Protecting your computer with a strong, unique password remains incredibly important. You can protect your smartphone or laptop with a fingerprint, iris, and other biometric scanners. However, a strong single-use password is a vital layer of protection.
But what happens if you forget your Windows XP password? Are you locked out of your Windows XP account for good?
Luckily, that’s not the case. Here are five ways to reset the administrator password on your Windows XP laptop or computer.
1. Reset Windows XP Password Using Ctrl+Alt+Del
If your Windows XP system is set up to log in via the Welcome Screen, there is a chance you’ll be able to log in as the system administrator. Unfortunately, this is also dependent on there being no existing password on the Administrator account.
When you boot your system, it will load the Welcome Screen. Press Ctrl + Alt + Delete twice to load the user login panel.
Press OK to attempt to log in without a username or password. If that doesn’t work, try typing Administrator into the Username field and pressing OK.
If you’re able to log in, head straight to Control Panel > User Account > Change Account. Then, select the account that you’d like to change the password for, and follow the on-screen instructions.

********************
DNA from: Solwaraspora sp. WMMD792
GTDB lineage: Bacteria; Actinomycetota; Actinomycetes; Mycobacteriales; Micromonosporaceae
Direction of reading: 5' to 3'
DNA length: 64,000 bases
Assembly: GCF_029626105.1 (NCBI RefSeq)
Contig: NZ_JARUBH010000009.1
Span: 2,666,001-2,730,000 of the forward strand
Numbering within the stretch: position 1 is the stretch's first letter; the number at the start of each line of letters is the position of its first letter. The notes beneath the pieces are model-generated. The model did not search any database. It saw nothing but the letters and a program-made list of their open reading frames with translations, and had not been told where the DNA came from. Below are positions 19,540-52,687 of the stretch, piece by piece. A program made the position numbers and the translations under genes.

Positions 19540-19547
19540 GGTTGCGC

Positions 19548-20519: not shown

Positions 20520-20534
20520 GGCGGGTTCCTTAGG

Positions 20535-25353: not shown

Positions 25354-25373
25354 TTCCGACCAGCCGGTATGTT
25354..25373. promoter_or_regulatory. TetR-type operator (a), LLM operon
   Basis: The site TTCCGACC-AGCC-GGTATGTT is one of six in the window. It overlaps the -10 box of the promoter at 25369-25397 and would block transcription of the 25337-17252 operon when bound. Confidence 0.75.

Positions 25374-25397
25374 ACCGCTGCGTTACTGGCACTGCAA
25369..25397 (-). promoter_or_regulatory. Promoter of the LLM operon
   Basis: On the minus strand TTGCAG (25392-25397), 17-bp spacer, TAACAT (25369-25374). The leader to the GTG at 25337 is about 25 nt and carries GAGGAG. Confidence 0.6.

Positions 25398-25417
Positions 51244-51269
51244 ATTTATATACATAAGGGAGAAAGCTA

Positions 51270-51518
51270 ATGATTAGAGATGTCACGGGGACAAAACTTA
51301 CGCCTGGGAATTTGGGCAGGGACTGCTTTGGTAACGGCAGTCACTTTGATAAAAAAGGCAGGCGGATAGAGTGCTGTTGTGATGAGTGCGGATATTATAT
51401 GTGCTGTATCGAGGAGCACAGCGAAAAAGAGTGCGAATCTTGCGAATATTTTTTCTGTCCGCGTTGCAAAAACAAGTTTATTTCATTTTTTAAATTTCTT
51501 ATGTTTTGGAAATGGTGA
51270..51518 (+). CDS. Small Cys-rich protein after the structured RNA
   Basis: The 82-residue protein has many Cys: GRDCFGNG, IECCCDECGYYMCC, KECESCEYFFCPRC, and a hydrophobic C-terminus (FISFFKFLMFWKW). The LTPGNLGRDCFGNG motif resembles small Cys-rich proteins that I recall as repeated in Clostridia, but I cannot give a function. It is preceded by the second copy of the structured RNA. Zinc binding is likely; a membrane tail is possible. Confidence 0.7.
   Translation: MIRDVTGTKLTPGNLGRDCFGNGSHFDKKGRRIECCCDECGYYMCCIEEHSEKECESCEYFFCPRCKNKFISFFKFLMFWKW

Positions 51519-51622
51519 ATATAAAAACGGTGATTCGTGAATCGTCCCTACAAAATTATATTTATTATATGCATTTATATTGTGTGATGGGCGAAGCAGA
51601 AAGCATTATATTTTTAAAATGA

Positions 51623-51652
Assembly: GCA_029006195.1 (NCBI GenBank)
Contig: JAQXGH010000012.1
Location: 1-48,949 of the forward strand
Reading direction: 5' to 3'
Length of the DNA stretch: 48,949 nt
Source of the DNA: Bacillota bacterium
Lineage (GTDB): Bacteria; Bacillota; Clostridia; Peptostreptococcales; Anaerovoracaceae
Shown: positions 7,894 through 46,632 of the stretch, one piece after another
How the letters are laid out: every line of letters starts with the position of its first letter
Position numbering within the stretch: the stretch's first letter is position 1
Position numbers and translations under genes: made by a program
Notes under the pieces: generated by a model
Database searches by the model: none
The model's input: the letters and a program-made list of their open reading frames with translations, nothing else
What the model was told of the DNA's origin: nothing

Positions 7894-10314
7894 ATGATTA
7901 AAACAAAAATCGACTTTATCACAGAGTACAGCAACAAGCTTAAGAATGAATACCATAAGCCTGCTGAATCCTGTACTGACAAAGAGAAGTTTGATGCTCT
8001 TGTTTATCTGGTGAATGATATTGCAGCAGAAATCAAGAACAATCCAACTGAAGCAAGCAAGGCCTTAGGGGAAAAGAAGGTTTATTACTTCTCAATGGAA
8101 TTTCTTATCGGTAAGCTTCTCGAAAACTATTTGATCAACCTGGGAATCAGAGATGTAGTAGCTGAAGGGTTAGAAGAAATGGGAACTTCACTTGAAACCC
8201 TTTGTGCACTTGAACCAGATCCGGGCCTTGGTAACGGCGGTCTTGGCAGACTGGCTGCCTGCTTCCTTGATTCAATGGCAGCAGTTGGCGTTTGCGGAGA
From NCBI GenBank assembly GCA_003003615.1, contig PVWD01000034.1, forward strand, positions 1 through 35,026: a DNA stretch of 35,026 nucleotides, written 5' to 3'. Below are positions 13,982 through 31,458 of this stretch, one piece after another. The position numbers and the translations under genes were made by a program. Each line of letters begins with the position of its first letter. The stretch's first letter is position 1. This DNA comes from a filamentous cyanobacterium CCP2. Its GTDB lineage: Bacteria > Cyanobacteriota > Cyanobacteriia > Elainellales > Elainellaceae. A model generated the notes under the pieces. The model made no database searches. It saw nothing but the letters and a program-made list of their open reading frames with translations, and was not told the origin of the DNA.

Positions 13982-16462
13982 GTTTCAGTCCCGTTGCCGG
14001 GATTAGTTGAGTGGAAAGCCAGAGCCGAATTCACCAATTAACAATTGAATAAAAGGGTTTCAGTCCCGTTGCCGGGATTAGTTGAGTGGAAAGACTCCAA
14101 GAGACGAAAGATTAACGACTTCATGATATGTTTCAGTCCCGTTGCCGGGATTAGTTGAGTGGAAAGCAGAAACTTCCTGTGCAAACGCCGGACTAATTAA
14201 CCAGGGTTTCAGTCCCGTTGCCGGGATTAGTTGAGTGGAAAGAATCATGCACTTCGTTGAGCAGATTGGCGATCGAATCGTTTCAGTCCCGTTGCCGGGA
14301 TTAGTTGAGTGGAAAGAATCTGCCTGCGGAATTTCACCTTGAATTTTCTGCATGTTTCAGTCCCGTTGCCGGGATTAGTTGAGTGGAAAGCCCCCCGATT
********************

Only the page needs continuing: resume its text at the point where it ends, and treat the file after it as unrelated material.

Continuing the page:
2. Reset Windows XP Password Using Safe Mode and Command Prompt
If your Windows XP Administrator account remains frustratingly out of reach, you can attempt to reset the password using Safe Mode and the Command Prompt.
To access Windows XP Safe Mode, you need to restart your computer. Press F8 while the computer is booting. (Sometimes tapping F8 helps if you’re unsure.) Select Safe Mode with Command Prompt.
Once you enter Safe Mode, head to Control Panel > User Account > Change Account. Then, select the account that you’d like to change the password for, and follow the on-screen instructions.
Reset Windows XP Password Using the Command Prompt
There are times, however, when certain computer issues will obstruct you from changing user settings, e.g., a virus. In those cases, you can use the Command Prompt from within Safe Mode.
From within Safe Mode, press Windows Key + R to open the Run dialog. Type CMD and press Enter. This opens the Command Prompt. Now, type the following command:
net user [account name] [new password]
It should look like this:
The command selects your account and sets a new password. If you want to clear the password and set a new one at a later date, use the following command:
net user [account name] ""
3. Reset Windows XP Password via Another Account
Resetting your Windows XP password via an alternative account only works if you are using Windows XP Professional.
Start by right-clicking My Computer and selecting Manage.
Then, select System Tools > Local Users and Groups > Users. Find your user account, right-click, and select Set Password.
Reset Windows XP Password via Remote User Management
If you cannot access Computer Management using your own or an alternative account, you can use remote access instead.